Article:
Advanced safety items are nearly identical across the lineup, with standard lane-keeping and following functionality, the brand’s highway drive assist that provides automated steering assistance, forward collision warning with pedestrian and cyclist detection, and automatic emergency braking. There’s also junction turn assist that warns on oncoming traffic when turning left, automatic high-beam headlights, rear parking sensors, blind-spot monitoring with rear cross-traffic alert, and a so-called safe exit system that can warn of oncoming rearward traffic and even prevent the doors from being opened in such a scenario.
The only extras available are stashed in the top trim’s Ultimate package, including front parking sensors, low-speed reverse automatic braking, surround-view monitoring, an upgraded highway driving assist system that can automatically change lanes when the signal is activated, and an upgraded blind-spot monitoring system that provides a live view of either side of the car in the instrument cluster. It also comes with a head-up display that – lucky for me – puts a speedometer directly in the driver’s field of view.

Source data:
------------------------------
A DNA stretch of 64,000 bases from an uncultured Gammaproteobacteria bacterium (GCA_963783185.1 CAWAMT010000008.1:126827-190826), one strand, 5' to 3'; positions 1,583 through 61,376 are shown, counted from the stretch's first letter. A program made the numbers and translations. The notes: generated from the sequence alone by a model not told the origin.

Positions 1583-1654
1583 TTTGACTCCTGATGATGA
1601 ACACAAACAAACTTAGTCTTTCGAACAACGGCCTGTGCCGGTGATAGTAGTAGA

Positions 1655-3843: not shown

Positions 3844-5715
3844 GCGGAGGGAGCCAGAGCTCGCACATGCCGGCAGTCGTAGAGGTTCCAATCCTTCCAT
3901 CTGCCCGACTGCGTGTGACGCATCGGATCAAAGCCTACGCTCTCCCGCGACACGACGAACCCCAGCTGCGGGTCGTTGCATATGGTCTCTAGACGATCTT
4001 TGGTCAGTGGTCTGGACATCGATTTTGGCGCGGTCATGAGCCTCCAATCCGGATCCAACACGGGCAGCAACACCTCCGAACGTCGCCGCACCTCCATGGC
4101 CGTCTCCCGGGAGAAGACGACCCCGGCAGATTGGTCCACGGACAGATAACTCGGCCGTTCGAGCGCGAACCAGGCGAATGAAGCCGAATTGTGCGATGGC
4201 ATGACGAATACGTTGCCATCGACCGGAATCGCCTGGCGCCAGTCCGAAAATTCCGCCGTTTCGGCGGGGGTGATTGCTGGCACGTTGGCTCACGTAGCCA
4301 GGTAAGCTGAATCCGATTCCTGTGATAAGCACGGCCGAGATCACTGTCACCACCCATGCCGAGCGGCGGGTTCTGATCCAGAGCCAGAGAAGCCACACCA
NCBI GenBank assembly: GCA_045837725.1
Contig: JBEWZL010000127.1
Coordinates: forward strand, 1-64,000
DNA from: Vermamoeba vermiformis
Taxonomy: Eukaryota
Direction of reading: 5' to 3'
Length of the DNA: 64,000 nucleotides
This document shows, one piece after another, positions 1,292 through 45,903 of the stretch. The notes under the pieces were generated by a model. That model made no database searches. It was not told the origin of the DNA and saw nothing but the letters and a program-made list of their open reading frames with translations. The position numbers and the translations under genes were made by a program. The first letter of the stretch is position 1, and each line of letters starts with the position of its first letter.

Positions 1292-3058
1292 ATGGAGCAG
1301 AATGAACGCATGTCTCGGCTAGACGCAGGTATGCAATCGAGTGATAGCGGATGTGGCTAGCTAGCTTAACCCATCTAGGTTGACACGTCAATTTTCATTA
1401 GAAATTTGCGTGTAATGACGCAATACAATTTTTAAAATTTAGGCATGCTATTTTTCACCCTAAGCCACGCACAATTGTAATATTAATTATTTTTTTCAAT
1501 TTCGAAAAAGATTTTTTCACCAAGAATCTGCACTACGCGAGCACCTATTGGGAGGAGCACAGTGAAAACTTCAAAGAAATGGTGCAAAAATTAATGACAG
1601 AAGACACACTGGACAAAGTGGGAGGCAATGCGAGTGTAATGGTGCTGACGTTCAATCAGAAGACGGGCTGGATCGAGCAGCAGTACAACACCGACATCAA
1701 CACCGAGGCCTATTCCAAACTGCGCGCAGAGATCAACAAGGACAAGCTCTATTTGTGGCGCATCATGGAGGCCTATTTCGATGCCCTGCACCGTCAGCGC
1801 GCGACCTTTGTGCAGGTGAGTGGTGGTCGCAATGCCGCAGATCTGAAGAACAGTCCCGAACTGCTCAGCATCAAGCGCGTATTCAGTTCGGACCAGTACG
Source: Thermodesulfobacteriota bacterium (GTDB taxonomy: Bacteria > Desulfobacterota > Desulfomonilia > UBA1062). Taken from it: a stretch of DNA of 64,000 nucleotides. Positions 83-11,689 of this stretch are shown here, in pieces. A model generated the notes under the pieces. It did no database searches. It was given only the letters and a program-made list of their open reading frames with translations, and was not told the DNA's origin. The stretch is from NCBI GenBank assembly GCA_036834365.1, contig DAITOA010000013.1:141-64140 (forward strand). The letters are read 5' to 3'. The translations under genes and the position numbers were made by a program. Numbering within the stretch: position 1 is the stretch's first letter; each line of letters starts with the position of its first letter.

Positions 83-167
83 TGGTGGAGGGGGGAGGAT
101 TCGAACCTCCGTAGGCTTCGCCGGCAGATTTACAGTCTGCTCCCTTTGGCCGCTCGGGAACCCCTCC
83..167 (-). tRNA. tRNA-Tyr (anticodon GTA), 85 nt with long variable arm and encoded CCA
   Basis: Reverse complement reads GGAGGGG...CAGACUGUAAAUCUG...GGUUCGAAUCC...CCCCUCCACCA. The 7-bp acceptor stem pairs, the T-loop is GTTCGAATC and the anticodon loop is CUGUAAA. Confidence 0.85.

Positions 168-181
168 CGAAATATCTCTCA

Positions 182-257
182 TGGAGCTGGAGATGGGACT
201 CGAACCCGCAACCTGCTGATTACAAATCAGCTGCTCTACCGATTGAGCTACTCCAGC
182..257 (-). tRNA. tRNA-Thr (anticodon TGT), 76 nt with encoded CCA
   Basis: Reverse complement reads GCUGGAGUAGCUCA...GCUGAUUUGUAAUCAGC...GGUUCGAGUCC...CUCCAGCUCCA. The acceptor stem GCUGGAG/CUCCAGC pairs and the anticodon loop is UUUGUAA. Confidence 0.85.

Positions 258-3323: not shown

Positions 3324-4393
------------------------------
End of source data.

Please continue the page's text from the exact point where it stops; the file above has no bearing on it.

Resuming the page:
Driving Feel: 10/10
It’s not as if any of the Hyundai Group’s EVs that came before this are unrefined, but this five-door certainly seems more buttoned-down – like the kinks of the last five years or so have been worked out, and this is the result. The dedicated battery-electric platform probably helps, with the skateboard-like structure providing a different kind of rigidity than those that came before it.
Sticking with the skateboard analogy, the Ioniq 5 is a lot like a longboard, both literally and figuratively. The stretched wheelbase manages the pitch and roll caused by uneven surfaces more easily, while more figuratively, the wheels sitting about as close to the car’s corners as possible combined with superb suspension damping leads to at least a little perceived flex.